Russia pummelled positions in the east of Ukraine on Sunday, its defence ministry said, as it sought to encircle Ukrainian forces in the battle for Donbas and fend off a counteroffensive around the strategic Russian-controlled city of Izium.
At a meeting in Germany, the secretary-general of the North Atlantic Treaty Organization (NATO) said Ukraine could win the war, calling for more military support and fast-track approval of expected bids by Finland and Sweden to join the alliance.
Moscow’s invasion, which it calls a “special operation” to disarm Ukraine and protect it from fascists, has jolted European security. Kyiv and its Western allies say the fascism assertion is a baseless pretext for an unprovoked war of aggression.
The president of Finland, which shares a 1,300 km (800 miles) border with Russia, confirmed on Sunday that his country would apply to join NATO, a major policy shift prompted by Russia’s invasion. Sweden’s ruling party followed suit.
Since mid-April, Russian forces have focused much of their firepower on trying to capture two eastern provinces known as the Donbas.
“Russia’s war in Ukraine is not going as Moscow had planned,” NATO Secretary-General Jens Stoltenberg said.
Russia said on Sunday it had struck Ukrainian positions in the east with missiles, targeting command centres and arsenals as its forces seek to surround Ukrainian units between Izium and Donetsk.
Izium straddles the Donets river, about 120 km (75 miles) from Kharkiv on the main highway heading southeast.
“The hottest spot remains the Izium direction,” Ukrainian regional governor Oleh Sinegubov said in comments aired on social media.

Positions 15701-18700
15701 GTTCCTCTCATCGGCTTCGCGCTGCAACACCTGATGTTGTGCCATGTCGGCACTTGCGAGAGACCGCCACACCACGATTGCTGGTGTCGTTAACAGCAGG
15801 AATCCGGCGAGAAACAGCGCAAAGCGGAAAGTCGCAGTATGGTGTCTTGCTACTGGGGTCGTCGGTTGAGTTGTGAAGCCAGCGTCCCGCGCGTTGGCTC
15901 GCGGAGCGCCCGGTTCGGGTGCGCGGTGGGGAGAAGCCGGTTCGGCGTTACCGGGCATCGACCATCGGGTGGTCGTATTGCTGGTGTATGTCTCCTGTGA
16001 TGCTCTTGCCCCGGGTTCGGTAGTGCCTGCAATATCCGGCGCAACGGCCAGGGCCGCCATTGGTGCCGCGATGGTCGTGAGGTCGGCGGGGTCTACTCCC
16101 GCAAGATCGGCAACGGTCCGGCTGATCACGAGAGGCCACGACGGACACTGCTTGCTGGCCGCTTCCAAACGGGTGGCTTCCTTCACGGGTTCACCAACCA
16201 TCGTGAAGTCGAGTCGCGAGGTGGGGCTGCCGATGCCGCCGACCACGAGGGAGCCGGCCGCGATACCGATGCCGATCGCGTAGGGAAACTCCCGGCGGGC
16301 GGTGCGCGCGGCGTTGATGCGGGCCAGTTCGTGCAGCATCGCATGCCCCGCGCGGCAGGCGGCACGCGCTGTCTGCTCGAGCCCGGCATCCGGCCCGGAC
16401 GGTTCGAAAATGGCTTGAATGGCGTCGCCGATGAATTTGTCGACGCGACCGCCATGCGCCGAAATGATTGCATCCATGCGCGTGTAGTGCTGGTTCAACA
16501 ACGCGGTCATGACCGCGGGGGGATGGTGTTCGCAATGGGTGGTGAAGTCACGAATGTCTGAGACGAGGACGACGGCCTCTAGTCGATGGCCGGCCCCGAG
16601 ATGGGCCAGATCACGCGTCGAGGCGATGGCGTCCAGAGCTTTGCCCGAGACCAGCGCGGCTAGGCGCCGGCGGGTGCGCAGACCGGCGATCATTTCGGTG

Ukraine’s military acknowledged setbacks in an update on Sunday morning: “Despite losses, Russian forces continue to advance in the Lyman, Sievierodonetsk, Avdiivka and Kurakhiv areas in the broader Donbas region.”
In western Ukraine near Poland, missiles destroyed military infrastructure overnight on Saturday and were fired at the Lviv region from the Black Sea, Ukrainian officials said.
Nine civilians were wounded in Russian shelling of Sievierodonetsk hospital yesterday evening, Serhiy Gaidai, governor of the eastern Luhansk region, said on the Telegram messaging application.
Another 10 civilians were wounded in the southern region of Mykolaiv in the last 24 hours, the regional council said, without providing details. The reports could not be independently verified.
There was also no let-up on Sunday in Russia’s bombardment of the steelworks in the southern port of Mariupol, where a few hundred Ukrainian fighters are holding out weeks after the city fell into Russian hands, the Ukrainian military said.
Brightly burning munitions were shown cascading down on the steelworks in a video posted by a pro-Russian separatist commander.
A large convoy carrying refugees from the ruins of Mariupol arrived in the Ukrainian-controlled city of Zaporizhzhia after nightfall on Saturday after waiting days for Russian troops to allow them to leave.
Finland and Sweden have both said they see NATO membership as a way of bolstering their security, though Russia has warned that it would be a mistake for Helsinki to abandon its neutrality.
Sweden’s ruling Social Democrats came out in favour of the country joining NATO on Sunday, paving the way for an application and abandoning decades of military non-alignment.
NATO’s Stoltenberg and U.S. Secretary of State Antony Blinken both expressed confidence that concerns from Turkey about the bids by the Baltic states could be overcome, with Stoltenberg indicating that an accelerated accession process and interim security arrangements would be possible.
Ukraine has deployed many of its new U.S. M-777 howitzers at the front lines and Washington has delivered all but one of the 90 artillery pieces they were due to send, the U.S. embassy in Kyiv said.